Step by step to predictive maintenance with minimal project risk

The idea behind predictive maintenance sounds promising: The sensor data of a plant are used to determine the time and type of necessary maintenance work. In this way, maintenance processes can be optimized and costly, unplanned downtime reduced. However, the structure of a predictive maintenance solution is complex, associated with new technologies and thus represents a project risk that should not be neglected. A step-by-step approach, starting from the Minimum Viable Product (MVP), helps to minimize the risk. This will be explained briefly using an example.

Initial situation

Authors: Floarea Serban & Geri Reif

New technologies often fail because the approach to their implementation is not optimal. The complexity is enormous and the imponderables, coupled with a lack of experience, are often daunting. The appropriate approach, namely a step-by-step project implementation, can significantly reduce a large part of the risks. Because by having an executable product at each step, it can be decided from case to case what the further procedure will look like.

Infrastructure and visualization using an example from the construction industry

To illustrate this, we look at a predictive maintenance case in the construction industry. Here, construction machines are equipped with sensors to send data such as oil level, GPS coordinates, battery voltage, operating hours, etc., to an IoT platform. In the IoT platform, in the first stage of expansion, the data is forwarded to a database for storage and clearly displayed in a dashboard. In this stage of expansion, the building yard has an overview of the location and operating status of the construction machinery at the push of a button.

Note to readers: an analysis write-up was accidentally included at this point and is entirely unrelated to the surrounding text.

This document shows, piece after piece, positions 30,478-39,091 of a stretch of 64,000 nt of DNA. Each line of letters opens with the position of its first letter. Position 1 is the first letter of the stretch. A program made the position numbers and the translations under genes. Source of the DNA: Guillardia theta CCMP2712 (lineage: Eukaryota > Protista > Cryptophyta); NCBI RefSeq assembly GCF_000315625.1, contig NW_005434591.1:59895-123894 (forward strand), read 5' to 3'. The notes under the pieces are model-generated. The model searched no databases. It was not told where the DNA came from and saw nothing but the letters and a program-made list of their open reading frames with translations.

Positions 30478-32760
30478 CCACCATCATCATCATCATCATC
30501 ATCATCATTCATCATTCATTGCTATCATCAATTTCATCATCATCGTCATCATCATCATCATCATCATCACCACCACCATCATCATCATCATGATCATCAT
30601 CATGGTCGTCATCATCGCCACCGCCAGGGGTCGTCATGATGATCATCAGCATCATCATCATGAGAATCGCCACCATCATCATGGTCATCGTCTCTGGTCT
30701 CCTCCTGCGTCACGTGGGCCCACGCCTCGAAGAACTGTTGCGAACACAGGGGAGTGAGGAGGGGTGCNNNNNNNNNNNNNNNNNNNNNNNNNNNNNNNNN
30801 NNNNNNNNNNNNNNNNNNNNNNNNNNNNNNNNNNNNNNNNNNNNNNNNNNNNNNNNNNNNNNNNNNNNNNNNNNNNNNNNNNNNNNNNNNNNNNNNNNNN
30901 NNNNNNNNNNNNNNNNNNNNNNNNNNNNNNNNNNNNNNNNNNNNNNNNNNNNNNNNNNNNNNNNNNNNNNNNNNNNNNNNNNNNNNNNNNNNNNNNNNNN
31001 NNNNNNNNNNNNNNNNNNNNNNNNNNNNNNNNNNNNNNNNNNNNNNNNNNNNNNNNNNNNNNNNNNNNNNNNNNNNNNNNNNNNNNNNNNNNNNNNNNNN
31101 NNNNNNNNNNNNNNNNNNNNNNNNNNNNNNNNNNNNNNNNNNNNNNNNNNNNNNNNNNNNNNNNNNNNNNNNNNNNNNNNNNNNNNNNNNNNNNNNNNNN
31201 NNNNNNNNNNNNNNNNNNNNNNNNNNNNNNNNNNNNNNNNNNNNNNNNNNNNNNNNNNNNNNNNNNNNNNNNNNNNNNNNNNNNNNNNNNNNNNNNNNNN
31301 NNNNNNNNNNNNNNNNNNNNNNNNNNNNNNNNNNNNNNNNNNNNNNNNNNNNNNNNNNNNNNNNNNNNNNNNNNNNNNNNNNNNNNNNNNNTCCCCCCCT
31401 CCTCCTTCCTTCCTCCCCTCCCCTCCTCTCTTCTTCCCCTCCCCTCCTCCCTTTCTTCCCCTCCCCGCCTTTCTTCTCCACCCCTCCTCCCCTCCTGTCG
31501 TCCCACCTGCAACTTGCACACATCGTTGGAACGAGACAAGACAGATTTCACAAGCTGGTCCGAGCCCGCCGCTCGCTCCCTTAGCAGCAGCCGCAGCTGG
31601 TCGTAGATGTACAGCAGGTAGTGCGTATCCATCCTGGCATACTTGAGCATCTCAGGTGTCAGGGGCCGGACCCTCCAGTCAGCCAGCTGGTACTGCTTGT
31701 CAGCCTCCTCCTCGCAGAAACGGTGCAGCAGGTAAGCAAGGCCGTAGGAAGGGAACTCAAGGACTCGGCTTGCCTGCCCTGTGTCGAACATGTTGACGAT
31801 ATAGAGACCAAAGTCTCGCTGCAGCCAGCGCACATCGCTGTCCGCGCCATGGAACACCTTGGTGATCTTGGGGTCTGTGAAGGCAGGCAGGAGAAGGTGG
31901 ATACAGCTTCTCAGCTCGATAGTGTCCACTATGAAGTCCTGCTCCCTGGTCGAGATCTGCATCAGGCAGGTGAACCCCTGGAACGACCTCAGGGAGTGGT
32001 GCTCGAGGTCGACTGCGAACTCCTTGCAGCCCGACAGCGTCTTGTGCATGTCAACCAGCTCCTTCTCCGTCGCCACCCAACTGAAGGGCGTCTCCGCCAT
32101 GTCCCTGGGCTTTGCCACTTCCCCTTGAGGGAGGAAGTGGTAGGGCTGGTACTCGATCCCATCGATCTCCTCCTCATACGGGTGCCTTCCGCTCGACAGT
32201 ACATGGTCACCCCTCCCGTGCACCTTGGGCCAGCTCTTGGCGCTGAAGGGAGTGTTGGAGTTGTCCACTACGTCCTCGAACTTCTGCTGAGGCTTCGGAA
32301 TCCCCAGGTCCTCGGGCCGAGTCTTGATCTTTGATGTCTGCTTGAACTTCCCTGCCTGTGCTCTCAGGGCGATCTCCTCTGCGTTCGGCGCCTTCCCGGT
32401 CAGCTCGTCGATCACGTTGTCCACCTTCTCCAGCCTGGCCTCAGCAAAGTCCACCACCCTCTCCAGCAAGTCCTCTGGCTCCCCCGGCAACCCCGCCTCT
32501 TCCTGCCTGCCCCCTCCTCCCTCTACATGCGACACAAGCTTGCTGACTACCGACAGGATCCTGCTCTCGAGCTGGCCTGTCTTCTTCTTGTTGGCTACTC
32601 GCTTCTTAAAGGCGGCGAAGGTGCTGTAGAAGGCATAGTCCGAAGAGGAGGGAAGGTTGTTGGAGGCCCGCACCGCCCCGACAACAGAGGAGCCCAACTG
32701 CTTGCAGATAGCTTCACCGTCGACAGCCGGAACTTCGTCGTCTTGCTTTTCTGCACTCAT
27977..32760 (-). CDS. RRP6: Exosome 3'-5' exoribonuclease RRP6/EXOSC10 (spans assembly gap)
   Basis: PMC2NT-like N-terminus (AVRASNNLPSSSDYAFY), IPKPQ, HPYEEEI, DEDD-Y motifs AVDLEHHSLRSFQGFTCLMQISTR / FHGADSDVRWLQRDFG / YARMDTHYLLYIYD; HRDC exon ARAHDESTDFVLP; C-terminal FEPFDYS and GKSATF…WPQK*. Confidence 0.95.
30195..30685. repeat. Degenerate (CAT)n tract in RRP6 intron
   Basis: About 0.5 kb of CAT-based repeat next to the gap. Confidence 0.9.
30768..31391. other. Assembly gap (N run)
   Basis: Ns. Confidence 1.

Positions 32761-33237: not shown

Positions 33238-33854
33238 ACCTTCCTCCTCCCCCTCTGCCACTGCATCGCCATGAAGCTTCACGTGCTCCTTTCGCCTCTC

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Fig. 1: Overview of the location and operating status.

Machine learning and pattern recognition

In the final step towards a predictive maintenance solution, the sensor data in the database is examined for anomalies that have led to problems in the past using pattern recognition and machine learning. If such patterns are detected, the Stream Analytics component is configured to detect these problems in the incoming sensor data in real time and to trigger an appropriate reaction. In this way, it is possible to react to critical operating conditions before major damage occurs.

Conclusion

In this blog post an example was used to show how to implement a predictive maintenance solution step by step. Each additional intermediate step generates additional business value. The MVP will be successively expanded and the experience gained with the new IoT technologies will significantly reduce the project risk. Maintenance work will become more efficient and unnecessary costs will be eliminated.